Love the sinner hate the sin

Reporters are supposed to offer all sides of a story, but once in a while, a topic is so controversial that it is tough to find someone willing to risk the consequences of offering a public opinion.

I had no luck finding a local voice opposed to same sex marriage for a story that ran Friday, describing local reaction to President Obama’s newly found support of marriage equality.

That is, until Friday morning, when the story was already published.

A pastor from a Pike County church called at 7:45 a.m., thinking he would get voice mail.

He said he spoke to a few other pastors and they decided not to comment on the issue.

You see, it’s an election year, he said, and they didn’t want to alienate anyone.

Apparently, his comments would have had that effect in Pike, the county with the highest concentration of same-sex house­holds in Pennsylvania.

Church folks like to say that all are invited to worship the all-loving-God.

To publicly talk about views on homosexuality, some churches (not all) would be forced to admit that members of the LGBT community are, at minimum, looked at differently, and such an admission is not so welcoming.

The problem is not that homosexuals create awkward social situations (they attend church, too) by being at coffee hour where a church-goer, or God forbid, an impressionable child, may have to deal with their demands: We’re here, we’re queer, get me a muffin and let’s chat.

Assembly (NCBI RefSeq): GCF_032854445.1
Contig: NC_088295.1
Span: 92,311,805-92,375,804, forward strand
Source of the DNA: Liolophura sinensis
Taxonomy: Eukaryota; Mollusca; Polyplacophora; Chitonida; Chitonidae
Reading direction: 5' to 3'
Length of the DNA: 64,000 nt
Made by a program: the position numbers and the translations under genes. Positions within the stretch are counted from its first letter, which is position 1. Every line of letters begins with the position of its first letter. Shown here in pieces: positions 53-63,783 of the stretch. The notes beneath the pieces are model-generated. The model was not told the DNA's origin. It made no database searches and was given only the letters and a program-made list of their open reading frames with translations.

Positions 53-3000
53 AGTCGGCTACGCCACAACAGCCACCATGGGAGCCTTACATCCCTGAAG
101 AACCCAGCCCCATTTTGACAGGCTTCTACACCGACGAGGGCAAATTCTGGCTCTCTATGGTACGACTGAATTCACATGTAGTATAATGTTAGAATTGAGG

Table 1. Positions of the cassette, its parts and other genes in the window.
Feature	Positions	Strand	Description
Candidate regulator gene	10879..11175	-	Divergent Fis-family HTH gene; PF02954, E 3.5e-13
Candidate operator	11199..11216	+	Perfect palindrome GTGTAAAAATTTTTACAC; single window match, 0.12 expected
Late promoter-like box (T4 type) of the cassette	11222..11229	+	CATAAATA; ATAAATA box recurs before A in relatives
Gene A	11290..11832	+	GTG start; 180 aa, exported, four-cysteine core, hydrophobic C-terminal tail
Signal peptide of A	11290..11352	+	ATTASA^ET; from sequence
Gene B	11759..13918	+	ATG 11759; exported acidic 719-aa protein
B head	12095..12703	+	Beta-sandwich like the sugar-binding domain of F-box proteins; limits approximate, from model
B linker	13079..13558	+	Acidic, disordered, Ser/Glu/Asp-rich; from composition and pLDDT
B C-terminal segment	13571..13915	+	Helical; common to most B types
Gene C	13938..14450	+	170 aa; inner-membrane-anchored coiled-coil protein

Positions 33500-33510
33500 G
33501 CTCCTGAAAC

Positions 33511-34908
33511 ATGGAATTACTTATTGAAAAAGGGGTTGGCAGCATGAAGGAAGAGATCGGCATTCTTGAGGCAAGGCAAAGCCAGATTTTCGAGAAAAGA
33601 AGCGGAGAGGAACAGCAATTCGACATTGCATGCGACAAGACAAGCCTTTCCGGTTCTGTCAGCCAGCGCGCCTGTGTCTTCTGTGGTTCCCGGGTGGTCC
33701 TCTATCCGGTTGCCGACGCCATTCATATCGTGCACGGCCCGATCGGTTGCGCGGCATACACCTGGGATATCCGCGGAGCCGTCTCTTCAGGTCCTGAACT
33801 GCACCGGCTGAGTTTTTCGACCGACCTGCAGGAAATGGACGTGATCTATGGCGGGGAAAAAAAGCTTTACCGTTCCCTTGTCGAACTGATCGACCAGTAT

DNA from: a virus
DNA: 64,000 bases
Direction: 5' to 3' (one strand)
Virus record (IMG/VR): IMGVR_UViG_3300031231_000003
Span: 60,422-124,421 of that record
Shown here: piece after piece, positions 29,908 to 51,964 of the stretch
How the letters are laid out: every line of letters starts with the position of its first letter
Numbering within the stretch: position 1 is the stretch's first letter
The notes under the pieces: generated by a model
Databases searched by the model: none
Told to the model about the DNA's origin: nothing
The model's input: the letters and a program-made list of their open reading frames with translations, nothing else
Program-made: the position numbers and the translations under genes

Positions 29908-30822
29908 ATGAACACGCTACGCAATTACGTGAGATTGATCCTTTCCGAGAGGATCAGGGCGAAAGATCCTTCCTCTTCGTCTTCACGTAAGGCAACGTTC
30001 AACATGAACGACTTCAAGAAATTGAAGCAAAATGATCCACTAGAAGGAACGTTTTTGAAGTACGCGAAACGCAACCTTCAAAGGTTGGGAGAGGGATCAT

No. Lots of church people say, we will be nice. That is what we are called to do. You know, “love the sinner, hate the sin.”

That judgmental phrase is frequently used in church to address the gay issue, but it isn’t used when there is a lot of sinful judging going on.

Bigots fixate on what they say is the deviant sex lives of the LGBT community. It says right there in the Bible, they will point out, that it is an “abomination,” and with that, they feel free to judge, making sex the only dimension of an LGBT person’s life.

It seems wrong, especially for those who profess to be bound to the command “love one another,” to endorse discrimination of anyone.

North Carolina voters this week approved a constitutional amendment that bans same-sex unions, but it’s not fair to have a vote on marriage equality because the LGBT community is a minority population.

Their issues will never matter to the majority, unless we really do start loving our neighbors.

There are 1,138 benefits, rights and protections provided on the basis of marital status in federal law that are denied to same-sex couples.

How do loving people continue to deny equality?

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